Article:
This study first replicates, then perturbs, the centipede game as implemented by McKelvey and Palfrey (1992). It is thus both a replication study and an original research study. We use controlled laboratory experiments, with computer interfaces for each treatment, anonymous round-robin matching among the subjects across rounds, multiple (10) rounds within each treatment, and incremental changes between adjacent treatments allowing for an assessment of effects at the margin of different game configurations. We find unraveling to the subgame perfect equilibrium somewhat faster than did McKelvey and Palfrey (1992), when using their exact design. Perturbations to that design show that setting non-taker payoffs to zero induces earlier unraveling, as does the use of higher stakes (as in Murphy, Rapoport, and Parco (2006), and Rapoport, Stein, Parco, and Nicholas (2003), respectively). Other, subsequent perturbations show: that there is at most a subtle effect associated with using a 10-second timer with a default move, relative to untimed active moves; and that clock format versus tree format has a minimal effect in common information, unchanging payoff-parameterization environments. We verify the robustness of some key past findings in real-time games. We also explore in a common information environment, the effect of design features previously used in independent private values settings; here we find new evidence that features which might modulate information acquisition and/or processing in an independent private values setting may not restrict behavior in a common information setting.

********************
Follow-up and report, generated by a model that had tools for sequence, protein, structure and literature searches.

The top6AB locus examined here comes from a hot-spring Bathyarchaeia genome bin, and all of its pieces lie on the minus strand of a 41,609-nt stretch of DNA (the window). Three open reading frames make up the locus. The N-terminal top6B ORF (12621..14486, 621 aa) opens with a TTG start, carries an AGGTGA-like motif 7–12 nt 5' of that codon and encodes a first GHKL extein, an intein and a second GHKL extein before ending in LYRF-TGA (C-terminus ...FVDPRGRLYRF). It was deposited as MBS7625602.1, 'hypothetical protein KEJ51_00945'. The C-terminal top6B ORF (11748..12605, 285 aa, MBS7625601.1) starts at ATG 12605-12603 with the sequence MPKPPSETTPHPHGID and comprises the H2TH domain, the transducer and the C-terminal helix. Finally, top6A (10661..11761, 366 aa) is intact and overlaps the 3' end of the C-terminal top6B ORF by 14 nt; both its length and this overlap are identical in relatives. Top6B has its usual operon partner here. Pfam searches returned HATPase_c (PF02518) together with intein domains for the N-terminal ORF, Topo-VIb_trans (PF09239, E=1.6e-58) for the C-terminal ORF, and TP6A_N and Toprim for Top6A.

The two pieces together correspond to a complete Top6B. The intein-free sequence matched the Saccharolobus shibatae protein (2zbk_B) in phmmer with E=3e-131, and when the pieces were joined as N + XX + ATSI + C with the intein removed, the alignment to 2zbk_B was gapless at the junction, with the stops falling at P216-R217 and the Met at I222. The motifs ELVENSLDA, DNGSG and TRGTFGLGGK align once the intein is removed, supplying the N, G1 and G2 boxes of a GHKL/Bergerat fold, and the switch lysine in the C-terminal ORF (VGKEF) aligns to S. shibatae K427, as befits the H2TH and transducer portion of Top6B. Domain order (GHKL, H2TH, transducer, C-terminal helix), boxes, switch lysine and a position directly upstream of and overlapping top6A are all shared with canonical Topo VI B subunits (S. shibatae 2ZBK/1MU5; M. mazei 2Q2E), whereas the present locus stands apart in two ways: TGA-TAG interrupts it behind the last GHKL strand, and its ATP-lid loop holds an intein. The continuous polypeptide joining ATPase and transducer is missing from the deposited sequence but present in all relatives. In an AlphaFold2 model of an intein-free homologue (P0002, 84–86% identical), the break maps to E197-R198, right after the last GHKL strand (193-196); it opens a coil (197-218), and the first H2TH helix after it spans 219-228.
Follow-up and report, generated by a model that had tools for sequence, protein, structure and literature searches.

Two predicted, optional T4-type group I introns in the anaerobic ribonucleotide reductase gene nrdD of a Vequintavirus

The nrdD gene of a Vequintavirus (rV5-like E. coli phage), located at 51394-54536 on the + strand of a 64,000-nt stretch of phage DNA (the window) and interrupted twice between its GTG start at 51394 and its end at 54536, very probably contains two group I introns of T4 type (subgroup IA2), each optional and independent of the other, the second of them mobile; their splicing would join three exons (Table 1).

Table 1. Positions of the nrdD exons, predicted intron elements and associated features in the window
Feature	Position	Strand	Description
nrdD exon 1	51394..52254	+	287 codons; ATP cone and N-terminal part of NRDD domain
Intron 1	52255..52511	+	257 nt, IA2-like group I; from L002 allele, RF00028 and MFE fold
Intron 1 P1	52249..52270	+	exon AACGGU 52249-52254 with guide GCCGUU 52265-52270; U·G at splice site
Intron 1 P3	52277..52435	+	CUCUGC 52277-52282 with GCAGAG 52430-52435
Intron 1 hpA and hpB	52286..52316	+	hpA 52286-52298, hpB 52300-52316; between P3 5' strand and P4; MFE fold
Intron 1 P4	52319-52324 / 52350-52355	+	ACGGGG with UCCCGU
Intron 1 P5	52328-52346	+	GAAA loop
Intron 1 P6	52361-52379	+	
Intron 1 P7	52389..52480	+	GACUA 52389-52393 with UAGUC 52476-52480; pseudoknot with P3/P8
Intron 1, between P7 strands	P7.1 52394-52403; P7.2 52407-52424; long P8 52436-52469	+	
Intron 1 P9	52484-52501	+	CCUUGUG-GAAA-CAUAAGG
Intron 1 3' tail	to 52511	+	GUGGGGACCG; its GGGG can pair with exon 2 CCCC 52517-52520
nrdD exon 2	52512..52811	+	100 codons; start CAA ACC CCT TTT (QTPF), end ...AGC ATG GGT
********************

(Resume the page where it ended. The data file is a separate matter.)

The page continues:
Cox, J.C. and James, D. (2015), "On Replication and Perturbation of the McKelvey and Palfrey Centipede Game Experiment", Replication in Experimental Economics (Research in Experimental Economics, Vol. 18), Emerald Group Publishing Limited, Bingley, pp. 53-94. https://doi.org/10.1108/S0193-230620150000018003
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